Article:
Download presentation

Presentation is loading. Please wait.

Published byEmmett Wallwork Modified about 1 year ago

1
Computational Movement Analysis Lecture 3: Curve simplification Joachim Gudmundsson

2
Problem Many algorithms handling movement data are slow, e.g. - similarity O(nm log nm) - approximate clustering O(n 2 +nml) - … Observation: Many trajectories can be simplified without losing much information.

3
Problem Many algorithms handling movement data are slow, e.g. - - similarity O(nm log nm) - approximate clustering O(n 2 +nml) - … Observation: Many trajectories can be simplified without losing much information. Example:

4
Problem Many algorithms handling movement data are slow, e.g. - similarity O(nm log nm) - approximate clustering O(n 2 +nml) - … Observation: Many trajectories can be simplified without losing much information. Example:

5
Problem Many algorithms handling movement data are slow, e.g. - similarity O(nm log nm) - approximate clustering O(n 2 +nml) - … Observation: Many trajectories can be simplified without losing much information. Example:

6
Problem Many algorithms handling movement data are slow, e.g. - similarity O(nm log nm) - approximate clustering O(n 2 +nml) - … Observation: Many trajectories can be simplified without losing much information. Example:

7
Problem Many algorithms handling movement data are slow, e.g. - similarity O(nm log nm) - approximate clustering O(n 2 +nml) - … Observation: Many trajectories can be simplified without losing much information. Example:

8
Problem Many algorithms handling movement data are slow, e.g. - similarity O(nm log nm) - approximate clustering O(n 2 +nml) - … Observation: Many trajectories can be simplified without losing much information. Example:

9
Problem Many algorithms handling movement data are slow, e.g. - similarity O(nm log nm) - approximate clustering O(n 2 +nml) - … Observation: Many trajectories can be simplified without losing much information. Example:

10
Problem Many algorithms handling movement data are slow, e.g. - similarity O(nm log nm) - approximate clustering O(n 2 +nml) - … Observation: Many trajectories can be simplified without losing much information. Example:

11
Example Generated trajectory: Universe: 400x400 Number of points: 10K Error: 5 units 278 points 10 units 174 points Time: ~15ms Car trajectory: Universe: ~20km 20km Number of points: 85K Error: 5 meter 2601 points 10 meter 1728 points Time: ~200ms

12
Outline Simplifying polygonal curves Ramer–Douglas–Peucker 1973 Driemel, Har-Peled and Wenk, 2010 Imai-Iri 1988 Agarwal, Har-Peled, Mustafa and Wang, 2005 Take time into consideration

13
Ramer-Douglas-Peucker 1972 by Urs Ramer and 1973 by David Douglas and Thomas Peucker The most successful simplification algorithm. Used in GIS, geography, computer vision, pattern recognition… Very easy to implement and works well in practice. p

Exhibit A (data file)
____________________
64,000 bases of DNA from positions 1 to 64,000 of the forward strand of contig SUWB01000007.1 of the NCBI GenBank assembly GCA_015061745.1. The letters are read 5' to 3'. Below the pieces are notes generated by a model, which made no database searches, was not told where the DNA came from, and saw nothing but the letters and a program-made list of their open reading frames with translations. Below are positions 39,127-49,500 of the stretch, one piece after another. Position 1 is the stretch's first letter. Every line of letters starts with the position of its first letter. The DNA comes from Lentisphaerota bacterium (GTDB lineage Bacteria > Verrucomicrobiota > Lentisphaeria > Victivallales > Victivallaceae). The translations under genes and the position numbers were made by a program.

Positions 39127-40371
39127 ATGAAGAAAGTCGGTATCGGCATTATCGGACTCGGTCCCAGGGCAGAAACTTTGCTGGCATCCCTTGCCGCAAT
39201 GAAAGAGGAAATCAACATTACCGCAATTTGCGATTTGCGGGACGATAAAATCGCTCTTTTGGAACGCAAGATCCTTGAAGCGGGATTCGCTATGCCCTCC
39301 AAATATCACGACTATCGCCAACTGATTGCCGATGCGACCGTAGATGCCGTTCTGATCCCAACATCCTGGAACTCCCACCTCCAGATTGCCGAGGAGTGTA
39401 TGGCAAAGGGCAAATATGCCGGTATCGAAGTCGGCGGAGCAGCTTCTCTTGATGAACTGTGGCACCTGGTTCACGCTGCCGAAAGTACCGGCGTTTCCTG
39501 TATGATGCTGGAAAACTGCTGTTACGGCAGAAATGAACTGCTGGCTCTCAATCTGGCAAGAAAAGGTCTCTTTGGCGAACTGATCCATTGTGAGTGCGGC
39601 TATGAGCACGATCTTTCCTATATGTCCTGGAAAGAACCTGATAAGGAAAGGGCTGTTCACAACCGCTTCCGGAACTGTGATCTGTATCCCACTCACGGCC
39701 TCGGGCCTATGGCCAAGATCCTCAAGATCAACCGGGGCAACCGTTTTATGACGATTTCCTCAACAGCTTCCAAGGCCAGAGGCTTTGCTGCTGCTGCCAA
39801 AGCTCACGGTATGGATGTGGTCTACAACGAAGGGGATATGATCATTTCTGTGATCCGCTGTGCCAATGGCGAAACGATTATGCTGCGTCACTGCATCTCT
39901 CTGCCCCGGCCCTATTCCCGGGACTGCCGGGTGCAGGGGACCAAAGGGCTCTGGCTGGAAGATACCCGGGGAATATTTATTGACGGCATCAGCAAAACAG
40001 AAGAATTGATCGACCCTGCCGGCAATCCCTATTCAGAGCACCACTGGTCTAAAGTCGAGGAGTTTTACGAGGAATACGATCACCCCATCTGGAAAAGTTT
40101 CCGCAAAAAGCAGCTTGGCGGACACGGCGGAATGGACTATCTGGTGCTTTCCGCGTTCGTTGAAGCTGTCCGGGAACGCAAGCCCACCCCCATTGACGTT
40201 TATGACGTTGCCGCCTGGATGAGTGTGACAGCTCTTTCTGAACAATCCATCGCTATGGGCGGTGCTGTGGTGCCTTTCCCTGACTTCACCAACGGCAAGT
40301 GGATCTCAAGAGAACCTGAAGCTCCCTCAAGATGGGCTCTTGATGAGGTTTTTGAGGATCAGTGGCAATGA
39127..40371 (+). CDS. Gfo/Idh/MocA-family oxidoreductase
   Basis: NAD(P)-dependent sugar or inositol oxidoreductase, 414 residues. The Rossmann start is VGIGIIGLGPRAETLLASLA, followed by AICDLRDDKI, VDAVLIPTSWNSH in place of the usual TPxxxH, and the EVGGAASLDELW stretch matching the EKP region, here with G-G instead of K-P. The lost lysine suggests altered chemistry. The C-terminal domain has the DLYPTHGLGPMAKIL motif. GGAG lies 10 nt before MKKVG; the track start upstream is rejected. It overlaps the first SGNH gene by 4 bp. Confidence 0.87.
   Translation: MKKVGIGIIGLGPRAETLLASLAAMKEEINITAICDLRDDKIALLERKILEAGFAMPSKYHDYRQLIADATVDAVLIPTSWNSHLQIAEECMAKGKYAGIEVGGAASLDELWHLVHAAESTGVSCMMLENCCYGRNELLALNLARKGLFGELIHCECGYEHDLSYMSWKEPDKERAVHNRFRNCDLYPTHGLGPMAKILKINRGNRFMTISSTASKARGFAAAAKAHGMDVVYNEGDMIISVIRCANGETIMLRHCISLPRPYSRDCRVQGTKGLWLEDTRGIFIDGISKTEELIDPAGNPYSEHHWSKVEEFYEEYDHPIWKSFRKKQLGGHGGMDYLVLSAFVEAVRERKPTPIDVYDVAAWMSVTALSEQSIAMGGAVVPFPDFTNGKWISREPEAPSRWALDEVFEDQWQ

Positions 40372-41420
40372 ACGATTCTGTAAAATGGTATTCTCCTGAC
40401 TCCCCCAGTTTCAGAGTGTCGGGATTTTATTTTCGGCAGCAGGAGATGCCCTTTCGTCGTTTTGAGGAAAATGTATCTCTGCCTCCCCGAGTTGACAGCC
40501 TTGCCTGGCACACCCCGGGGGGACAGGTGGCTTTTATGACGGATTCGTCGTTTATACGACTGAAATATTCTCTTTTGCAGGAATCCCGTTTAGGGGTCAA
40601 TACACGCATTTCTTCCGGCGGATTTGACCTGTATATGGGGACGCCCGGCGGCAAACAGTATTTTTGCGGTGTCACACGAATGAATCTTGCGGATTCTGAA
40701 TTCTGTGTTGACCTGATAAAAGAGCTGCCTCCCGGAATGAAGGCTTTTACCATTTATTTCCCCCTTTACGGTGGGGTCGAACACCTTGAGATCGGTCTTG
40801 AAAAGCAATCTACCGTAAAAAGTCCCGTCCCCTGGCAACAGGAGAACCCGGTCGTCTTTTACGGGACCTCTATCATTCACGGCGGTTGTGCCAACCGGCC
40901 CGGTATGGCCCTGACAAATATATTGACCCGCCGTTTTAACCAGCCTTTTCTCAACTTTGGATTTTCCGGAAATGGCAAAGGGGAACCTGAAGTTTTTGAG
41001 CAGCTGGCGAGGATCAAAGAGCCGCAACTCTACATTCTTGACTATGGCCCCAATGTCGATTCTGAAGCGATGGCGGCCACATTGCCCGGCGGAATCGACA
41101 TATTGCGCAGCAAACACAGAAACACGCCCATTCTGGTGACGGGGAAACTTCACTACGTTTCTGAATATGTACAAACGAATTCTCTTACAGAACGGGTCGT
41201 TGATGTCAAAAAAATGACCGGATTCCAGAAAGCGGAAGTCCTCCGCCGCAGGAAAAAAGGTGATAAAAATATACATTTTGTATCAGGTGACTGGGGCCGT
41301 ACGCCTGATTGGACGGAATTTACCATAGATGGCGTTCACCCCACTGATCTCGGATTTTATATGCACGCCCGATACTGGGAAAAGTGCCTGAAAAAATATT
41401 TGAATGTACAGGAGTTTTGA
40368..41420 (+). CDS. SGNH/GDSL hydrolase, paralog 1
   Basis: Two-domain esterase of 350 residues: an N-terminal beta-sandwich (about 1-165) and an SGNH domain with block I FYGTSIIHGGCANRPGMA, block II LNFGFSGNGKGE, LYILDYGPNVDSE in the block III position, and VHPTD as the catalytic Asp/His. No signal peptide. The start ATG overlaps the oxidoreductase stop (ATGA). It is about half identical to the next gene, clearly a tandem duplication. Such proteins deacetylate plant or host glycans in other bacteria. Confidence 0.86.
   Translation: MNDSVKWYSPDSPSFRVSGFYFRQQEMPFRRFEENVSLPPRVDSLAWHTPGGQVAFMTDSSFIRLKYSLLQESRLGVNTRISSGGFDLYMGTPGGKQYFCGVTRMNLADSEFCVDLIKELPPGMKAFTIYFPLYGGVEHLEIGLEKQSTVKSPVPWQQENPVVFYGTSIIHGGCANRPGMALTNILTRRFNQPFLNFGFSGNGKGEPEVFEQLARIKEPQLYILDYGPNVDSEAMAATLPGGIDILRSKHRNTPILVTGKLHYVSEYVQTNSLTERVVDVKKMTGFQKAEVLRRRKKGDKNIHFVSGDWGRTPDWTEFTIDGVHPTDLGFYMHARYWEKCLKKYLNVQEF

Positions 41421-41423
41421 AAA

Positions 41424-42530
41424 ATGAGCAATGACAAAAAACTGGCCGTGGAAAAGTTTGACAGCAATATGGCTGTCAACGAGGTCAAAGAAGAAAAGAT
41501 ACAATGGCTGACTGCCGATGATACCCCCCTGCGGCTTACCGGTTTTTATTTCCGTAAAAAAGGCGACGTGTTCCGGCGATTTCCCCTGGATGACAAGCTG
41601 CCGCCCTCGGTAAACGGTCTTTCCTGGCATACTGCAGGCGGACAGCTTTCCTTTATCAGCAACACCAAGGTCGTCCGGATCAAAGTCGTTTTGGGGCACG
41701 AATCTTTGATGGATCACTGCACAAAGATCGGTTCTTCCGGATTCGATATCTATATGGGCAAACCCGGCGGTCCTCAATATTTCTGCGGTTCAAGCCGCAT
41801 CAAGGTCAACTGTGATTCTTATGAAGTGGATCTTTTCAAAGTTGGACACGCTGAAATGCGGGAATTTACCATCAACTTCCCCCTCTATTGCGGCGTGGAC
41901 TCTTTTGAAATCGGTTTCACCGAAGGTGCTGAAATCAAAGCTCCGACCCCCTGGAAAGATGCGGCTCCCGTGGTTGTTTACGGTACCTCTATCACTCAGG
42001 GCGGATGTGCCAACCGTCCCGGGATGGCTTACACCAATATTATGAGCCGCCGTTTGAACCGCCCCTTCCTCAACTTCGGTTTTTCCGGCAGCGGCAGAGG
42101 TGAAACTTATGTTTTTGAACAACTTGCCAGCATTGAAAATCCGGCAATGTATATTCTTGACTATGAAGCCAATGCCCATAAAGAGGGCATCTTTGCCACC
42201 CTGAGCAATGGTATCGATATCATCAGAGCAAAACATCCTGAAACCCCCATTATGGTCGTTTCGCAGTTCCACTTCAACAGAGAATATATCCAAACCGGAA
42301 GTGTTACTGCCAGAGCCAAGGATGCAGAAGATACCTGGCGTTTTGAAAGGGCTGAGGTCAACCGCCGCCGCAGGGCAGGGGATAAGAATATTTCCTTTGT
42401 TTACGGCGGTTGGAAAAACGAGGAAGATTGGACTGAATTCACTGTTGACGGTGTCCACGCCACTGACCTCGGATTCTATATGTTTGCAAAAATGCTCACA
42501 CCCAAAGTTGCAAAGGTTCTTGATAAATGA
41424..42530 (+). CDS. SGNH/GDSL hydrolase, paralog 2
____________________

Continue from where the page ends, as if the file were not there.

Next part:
14
pjpj pipi Ramer-Douglas-Peucker Input polygonal path P = p 1,…,p n and threshold Initially i=1 and j=n Algorithm DP(P,i,j) Find the vertex v f between p i and p j farthest from p i p j. dist := the distance between v f and p i p j. if dist > then DP(P, v i, v f ) DP(P, v f, v j ) else Output(v i v j )

15
pjpj pipi Ramer-Douglas-Peucker Input polygonal path P = p 1,…,p n and threshold Initially i=1 and j=n Algorithm DP(P,i,j) Find the vertex v f between p i and p j farthest from p i p j. dist := the distance between v f and p i p j. if dist > then DP(P, v i, v f ) DP(P, v f, v j ) else Output(v i v j ) dist

16
Ramer-Douglas-Peucker p q

17
p q

18
Time complexity? Testing a shortcut between p i and p j takes O(j-i) time. Worst-case recursion? Algorithm DP(P,i,j) Find the vertex v f farthest from p i p j. dist := the distance between v f and p i p j. if dist > then DP(P, v i, v f ) DP(P, v f, v j ) else Output(v i v j ) DP(P, v i, v i+1 ) DP(P, v i+1, v j ) Time complexity T(n) = O(n) + T(n-1) = O(n 2 )

19
Summary: Ramer-Douglas-Peucker Worst-case time complexity: O(n 2 ) In most realistic cases: T(n) = T(n 1 ) + T(n 2 ) + O(n) = O(n log n), where n 1 and n 2 are smaller than n/c for some constant c. If the curve is in 2D and it does not self-intersect then the algorithm can be implemented in O(n log* n) time. [Hershberger & Snoeiynk’98] Does not give any bound on the complexity of the simplification!

20
Driemel et al. Simple simplification(P = p 1,…,p n , ) P’:= p 1 i:=1 while i

21
Driemel et al. Simple simplification(P = p 1,…,p n , ) P’:= p 1 i:=1 while i

22
Driemel et al. Simple simplification(P = p 1,…,p n , ) P’:= p 1 i:=1 while i

23
Driemel et al. Simple simplification(P = p 1,…,p n , ) P’:= p 1 i:=1 while i

24
Driemel et al. Simple simplification(P = p 1,…,p n , ) P’:= p 1 i:=1 while i

25
Driemel et al. Simple simplification(P = p 1,…,p n , ) P’:= p 1 i:=1 while i

26